Introduction: Controlling RGB Using a Potentiometer!
How to change the color of an anode RGB LED with a potentiometer.
Step 1: Things You Need
Hardware Components :
RGB LED :
RGB LED means red, blue and green LEDs. RGB LED products combine these three colors to produce over 16 million hues of light. Note that not all colors are possible. Some colors are “outside” the triangle formed by the RGB LEDs. Also, pigment colors such as brown or pink are difficult, or impossible, to achieve.
Step 2: Anode/Cathode RGB LEDs
RGB LED are of two types, common anode, and common cathode. The difference between CC and CA is , With a common anode you can connect the anode to the +5v and each individual LED to a resistor each. Connect that resistor to an output pin. Then a write LOW to that pin will turn the LED on and a HIGH will turn off .This is called current sinking
With a common cathode you connect the cathode to ground and connect each LED's anode through a resistor to the output pin. Then a HIGH turns it on. This is called current sourcing.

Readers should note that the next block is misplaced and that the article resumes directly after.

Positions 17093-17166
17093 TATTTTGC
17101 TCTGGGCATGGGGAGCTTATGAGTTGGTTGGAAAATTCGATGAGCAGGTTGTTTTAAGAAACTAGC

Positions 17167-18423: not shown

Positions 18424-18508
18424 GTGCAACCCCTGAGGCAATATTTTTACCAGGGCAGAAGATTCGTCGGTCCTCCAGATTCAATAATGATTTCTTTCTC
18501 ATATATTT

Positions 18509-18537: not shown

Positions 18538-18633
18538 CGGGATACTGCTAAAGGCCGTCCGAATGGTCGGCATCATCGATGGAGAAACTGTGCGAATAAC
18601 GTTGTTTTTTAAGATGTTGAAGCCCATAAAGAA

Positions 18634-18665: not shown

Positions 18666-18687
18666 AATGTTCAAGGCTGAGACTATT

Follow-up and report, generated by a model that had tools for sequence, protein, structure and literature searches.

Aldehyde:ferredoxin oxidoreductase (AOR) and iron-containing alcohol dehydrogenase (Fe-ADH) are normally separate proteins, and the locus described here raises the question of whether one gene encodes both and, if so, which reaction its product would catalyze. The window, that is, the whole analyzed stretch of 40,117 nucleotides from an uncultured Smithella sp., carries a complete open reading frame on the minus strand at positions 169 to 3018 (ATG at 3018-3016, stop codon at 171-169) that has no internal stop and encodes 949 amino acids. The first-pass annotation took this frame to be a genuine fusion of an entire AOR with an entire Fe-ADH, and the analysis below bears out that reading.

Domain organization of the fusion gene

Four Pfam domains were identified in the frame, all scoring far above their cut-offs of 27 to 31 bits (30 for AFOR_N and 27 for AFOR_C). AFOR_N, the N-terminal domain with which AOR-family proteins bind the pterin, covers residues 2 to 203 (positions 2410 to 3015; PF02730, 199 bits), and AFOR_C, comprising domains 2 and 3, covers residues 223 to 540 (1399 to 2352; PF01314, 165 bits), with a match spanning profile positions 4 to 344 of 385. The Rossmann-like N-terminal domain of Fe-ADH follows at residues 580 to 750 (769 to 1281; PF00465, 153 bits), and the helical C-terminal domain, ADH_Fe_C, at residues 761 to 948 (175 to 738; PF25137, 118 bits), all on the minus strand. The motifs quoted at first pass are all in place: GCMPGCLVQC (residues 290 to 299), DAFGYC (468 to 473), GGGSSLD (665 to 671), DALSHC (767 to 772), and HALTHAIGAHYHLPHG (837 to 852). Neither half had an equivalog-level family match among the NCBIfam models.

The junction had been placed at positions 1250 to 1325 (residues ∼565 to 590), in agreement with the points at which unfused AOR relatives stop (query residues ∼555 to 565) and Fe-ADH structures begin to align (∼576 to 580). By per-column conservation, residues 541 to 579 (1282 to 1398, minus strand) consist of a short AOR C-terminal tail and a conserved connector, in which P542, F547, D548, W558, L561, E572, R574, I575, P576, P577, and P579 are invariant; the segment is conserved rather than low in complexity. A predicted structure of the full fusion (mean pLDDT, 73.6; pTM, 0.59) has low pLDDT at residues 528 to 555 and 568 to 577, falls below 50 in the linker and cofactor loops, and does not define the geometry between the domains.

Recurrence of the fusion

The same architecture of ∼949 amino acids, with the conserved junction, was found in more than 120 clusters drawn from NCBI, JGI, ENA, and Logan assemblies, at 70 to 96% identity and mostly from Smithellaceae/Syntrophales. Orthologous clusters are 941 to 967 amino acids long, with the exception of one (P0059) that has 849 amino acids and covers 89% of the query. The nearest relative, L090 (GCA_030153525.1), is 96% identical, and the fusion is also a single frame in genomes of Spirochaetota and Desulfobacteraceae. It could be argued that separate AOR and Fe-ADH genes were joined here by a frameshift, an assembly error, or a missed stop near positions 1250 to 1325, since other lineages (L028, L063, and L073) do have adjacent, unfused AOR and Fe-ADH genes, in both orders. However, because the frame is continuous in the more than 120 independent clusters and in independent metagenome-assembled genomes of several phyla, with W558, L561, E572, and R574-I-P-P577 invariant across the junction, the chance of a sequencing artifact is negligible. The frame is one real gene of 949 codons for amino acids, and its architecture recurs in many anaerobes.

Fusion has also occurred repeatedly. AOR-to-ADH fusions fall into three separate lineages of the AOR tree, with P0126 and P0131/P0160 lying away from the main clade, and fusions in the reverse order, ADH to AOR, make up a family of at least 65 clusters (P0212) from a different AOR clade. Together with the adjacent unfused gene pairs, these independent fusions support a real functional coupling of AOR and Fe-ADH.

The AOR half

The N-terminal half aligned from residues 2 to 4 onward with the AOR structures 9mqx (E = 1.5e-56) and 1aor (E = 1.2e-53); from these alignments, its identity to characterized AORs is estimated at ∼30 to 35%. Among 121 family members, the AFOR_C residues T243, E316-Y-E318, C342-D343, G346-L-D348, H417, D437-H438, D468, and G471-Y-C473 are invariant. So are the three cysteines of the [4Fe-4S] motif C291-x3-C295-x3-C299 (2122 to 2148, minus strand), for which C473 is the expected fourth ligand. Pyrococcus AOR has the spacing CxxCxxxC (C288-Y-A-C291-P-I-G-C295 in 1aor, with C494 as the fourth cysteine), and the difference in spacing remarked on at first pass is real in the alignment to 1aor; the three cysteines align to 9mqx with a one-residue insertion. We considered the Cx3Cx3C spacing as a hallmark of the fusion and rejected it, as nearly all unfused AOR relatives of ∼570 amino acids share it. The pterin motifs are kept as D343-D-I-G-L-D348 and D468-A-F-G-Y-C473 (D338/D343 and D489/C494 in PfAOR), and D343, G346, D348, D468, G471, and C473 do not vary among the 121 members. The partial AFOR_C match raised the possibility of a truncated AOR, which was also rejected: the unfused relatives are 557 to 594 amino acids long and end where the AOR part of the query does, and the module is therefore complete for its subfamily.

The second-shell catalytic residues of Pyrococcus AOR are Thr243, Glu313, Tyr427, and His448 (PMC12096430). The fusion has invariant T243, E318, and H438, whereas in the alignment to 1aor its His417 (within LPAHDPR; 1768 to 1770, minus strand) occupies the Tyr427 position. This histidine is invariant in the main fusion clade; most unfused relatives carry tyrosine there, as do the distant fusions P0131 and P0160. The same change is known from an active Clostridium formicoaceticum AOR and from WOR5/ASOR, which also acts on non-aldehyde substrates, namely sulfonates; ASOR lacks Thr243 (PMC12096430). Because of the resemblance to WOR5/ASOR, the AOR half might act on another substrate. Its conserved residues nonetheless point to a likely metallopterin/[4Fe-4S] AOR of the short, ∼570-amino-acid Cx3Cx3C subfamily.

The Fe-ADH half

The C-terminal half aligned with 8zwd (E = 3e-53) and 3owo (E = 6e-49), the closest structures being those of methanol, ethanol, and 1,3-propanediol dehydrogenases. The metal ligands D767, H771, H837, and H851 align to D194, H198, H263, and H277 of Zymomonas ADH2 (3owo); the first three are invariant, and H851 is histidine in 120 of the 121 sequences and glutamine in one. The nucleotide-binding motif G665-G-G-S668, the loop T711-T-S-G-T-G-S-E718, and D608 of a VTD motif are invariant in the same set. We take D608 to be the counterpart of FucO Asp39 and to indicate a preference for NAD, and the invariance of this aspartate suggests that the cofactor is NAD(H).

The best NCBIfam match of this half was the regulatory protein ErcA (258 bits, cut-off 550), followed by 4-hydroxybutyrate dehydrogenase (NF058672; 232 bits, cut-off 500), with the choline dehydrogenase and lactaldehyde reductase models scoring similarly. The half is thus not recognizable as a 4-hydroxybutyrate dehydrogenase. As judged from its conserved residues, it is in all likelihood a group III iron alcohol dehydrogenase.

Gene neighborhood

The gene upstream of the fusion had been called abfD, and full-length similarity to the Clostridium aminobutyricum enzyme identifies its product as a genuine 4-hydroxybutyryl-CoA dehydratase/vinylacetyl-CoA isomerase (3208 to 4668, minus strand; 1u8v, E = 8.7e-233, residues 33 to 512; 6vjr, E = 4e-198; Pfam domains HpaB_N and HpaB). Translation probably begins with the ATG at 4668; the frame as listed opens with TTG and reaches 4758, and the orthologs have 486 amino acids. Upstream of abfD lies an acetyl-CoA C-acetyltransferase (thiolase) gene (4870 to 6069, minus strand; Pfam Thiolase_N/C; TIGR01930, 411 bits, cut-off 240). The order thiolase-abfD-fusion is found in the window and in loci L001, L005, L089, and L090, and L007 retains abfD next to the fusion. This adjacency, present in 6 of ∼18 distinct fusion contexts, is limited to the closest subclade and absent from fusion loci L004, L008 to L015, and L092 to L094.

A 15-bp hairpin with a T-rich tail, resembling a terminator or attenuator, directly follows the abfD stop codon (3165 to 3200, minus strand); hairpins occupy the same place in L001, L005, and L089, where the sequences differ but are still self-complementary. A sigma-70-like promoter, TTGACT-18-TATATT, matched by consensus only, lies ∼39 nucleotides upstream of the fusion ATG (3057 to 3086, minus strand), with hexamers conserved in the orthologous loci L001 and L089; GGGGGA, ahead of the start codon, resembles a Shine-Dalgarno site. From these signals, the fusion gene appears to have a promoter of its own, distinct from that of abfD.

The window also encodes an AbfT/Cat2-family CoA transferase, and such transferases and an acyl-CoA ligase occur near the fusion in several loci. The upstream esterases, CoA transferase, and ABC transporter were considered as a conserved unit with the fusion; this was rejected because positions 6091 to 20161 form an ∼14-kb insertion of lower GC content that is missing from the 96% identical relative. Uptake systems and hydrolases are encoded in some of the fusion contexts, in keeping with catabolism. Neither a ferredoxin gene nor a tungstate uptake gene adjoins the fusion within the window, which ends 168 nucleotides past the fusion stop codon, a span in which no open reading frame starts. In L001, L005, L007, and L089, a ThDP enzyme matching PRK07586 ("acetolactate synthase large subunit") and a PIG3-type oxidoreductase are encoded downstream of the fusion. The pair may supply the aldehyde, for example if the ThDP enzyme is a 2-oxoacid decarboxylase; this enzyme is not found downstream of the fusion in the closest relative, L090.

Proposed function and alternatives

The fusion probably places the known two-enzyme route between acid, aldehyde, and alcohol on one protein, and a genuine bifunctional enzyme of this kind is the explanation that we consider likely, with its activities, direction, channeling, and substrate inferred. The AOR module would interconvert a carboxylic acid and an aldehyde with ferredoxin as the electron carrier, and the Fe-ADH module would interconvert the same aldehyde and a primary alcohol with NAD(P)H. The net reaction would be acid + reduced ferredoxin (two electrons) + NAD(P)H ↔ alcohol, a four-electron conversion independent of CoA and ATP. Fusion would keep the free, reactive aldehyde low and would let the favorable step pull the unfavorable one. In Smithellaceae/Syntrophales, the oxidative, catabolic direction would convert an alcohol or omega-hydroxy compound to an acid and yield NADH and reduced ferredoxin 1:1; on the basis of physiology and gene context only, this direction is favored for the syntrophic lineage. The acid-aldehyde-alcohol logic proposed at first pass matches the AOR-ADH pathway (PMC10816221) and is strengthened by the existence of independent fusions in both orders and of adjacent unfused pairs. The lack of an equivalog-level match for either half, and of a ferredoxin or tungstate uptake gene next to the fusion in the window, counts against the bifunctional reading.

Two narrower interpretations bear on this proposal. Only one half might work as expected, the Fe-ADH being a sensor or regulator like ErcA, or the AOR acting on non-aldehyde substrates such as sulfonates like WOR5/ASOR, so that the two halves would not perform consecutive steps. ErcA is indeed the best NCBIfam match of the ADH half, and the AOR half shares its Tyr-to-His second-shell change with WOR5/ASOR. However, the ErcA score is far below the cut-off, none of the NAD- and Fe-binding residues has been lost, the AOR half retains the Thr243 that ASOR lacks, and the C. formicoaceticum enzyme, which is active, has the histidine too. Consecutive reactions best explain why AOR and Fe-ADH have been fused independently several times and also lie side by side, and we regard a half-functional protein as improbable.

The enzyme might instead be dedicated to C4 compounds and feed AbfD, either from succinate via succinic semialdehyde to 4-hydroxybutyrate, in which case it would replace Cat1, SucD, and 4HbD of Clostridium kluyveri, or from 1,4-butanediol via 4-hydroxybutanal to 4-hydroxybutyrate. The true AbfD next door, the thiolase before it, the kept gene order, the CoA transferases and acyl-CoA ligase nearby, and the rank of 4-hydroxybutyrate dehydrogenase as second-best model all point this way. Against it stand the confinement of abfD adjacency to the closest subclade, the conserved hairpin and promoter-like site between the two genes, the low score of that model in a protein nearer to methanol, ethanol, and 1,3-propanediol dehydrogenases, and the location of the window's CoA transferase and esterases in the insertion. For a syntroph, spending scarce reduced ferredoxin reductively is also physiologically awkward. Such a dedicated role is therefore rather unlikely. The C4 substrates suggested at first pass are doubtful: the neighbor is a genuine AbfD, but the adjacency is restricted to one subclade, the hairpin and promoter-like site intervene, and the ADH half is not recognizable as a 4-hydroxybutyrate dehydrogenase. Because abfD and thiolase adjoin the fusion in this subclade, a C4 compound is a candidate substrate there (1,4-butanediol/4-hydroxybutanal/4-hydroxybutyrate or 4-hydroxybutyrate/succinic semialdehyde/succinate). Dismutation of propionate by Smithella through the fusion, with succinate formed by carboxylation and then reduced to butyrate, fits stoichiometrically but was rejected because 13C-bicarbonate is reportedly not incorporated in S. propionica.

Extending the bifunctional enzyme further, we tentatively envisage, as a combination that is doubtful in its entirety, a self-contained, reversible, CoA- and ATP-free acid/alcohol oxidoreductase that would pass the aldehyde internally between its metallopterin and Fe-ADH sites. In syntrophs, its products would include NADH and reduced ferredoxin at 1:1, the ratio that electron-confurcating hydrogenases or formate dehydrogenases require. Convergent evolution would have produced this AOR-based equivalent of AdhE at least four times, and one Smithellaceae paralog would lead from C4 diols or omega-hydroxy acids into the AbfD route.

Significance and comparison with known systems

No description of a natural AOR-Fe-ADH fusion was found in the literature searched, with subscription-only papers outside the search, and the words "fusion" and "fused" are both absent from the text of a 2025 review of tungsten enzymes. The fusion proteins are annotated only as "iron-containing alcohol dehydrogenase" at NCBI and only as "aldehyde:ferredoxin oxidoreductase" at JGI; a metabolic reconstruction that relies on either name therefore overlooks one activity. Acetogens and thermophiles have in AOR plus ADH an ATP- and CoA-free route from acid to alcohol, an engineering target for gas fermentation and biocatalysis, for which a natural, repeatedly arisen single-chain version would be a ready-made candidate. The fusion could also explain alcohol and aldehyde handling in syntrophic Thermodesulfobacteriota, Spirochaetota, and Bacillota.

Recalling the mnemonic ACID (Anode Current Into Device), we can infer that a common anode RGB LED has current driving one pin, and that a common cathode RGB LED is grounded on one pin. Either way, this anode or cathode will be the longest of the four pins coming out of the LED. Unfortunately, these guys aren’t always labelled clearly as to what they are. In this example, I have worked out the wiring for a common anode RGB LED; most other guides describe a common cathode wiring.
Step 3: The Wiring
You can create sketch like this using fritzing which available for free.
Step 4: Code
Step 5: For More Projects :
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